More details have emerged around the Trustmarque and Trinity merger with the united operation now setting its sights on integrating back office functions as soon as possible.
Earlier this week it emerged that the two resellers, both owned by Liberata, had opted to merge with the Trustmarque brand being retained as it was deemed to be stronger in the key public sector markets the firm operates in.
The bringing together of the two firms completes a journey that Trustmarque has been going through for the last couple of years to expand its own managed and professional services options. Trinity comes from that background and has been able to slot in and fulfil those functions.
Scott Haddow, who is running the joint operation, said that the discussions about a merger started as soon as it became part of the Liberata Group last September.
“Trustmarque has a heritage in software licensing and software asset management and we have been building out our services business and have made a lot of investment in that and have made a decent fist of it but we still had a long way to go,” he said.
“The Trinity business is strong in managed services and cloud services and it complements the value chain and completes that journey [towards providing services],” he added.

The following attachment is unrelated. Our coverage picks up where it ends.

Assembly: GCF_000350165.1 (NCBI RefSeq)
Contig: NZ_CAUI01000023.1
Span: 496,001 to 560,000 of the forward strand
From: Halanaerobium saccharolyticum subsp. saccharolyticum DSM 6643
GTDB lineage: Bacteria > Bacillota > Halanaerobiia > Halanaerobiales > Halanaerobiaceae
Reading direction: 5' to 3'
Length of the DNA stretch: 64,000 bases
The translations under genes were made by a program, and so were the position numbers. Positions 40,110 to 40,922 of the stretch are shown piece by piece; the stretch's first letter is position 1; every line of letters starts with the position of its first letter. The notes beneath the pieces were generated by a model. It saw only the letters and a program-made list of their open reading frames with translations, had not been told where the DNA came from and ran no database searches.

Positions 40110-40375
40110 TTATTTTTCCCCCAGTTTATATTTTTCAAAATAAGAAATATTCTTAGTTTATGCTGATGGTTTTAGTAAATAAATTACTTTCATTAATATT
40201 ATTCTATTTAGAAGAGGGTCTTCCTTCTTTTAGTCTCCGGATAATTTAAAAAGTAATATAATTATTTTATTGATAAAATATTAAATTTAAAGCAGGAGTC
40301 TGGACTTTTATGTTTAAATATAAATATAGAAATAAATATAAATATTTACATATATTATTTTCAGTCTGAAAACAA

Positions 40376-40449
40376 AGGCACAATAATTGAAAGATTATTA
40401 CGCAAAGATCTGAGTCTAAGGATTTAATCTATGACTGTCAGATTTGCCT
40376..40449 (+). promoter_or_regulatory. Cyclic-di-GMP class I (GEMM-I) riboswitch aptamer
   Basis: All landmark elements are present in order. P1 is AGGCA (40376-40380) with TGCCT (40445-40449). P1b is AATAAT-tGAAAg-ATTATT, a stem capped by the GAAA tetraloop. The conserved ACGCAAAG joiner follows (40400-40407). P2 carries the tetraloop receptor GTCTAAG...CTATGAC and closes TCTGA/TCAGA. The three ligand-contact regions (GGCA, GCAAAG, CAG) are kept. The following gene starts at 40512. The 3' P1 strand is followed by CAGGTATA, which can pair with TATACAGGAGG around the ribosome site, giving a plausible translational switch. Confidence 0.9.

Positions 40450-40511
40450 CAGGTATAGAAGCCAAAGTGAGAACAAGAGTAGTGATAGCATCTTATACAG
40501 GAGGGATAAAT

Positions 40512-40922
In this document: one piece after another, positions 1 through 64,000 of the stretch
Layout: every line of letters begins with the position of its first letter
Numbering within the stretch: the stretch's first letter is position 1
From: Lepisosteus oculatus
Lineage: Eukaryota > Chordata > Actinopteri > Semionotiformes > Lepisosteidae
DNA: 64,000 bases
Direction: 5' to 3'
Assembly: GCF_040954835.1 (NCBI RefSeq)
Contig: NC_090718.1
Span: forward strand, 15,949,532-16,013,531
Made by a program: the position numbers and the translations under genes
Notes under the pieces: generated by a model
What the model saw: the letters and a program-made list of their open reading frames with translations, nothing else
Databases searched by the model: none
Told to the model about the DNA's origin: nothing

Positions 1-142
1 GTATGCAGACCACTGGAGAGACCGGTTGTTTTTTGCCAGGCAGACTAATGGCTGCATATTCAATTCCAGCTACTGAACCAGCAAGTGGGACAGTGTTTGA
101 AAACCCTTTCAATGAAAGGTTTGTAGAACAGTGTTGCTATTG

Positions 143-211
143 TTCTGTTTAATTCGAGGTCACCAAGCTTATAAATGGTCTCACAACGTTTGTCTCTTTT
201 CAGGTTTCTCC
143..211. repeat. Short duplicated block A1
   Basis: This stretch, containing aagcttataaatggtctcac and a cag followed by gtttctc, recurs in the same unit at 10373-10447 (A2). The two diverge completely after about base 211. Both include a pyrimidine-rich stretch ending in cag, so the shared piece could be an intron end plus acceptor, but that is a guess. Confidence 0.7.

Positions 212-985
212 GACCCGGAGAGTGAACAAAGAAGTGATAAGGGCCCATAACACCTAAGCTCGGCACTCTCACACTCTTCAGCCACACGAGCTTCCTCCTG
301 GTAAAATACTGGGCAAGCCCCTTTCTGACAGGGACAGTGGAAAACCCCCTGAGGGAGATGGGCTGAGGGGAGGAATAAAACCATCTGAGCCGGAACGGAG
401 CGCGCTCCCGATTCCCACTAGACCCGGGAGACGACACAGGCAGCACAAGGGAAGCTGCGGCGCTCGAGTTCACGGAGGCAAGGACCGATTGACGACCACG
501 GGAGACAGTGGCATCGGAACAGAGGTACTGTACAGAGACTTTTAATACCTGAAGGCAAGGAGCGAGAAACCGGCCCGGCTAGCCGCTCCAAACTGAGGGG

Trinity brings 400 staff to the combined business, which now takes the total headcount to 600, and it takes the revenue of the operation up to around the £170m mark.
“We have had an up and down year [in 2014] but that happens to most businesses and we are excited about the opportunity that exists,” said Haddow.
Haddow remains chief executive and he is joined in the senior management team by Angelo Di Ventura as sales and marketing director and Trinity’s former chief executive Allan Jackson becomes COO.
Di Ventura said that the staff had all been talked through the changes and it was concentrating on getting the integration of processes completed.
He also added that it was taking the message about the extended portfolio out to its public sector customers and would also be talking to Trinity’s traditional customer base in the financial services area about the software asset management options that it could now offer.
“The cross-selling opportunity is significant. We have a number of customers that have been buying SAM services and we can talk to them about professional services, the datacentre and the cloud. We have got some fantastic relationships on the Trinity side of the business and we can talk to them about how they can manage their software assets better,” he said.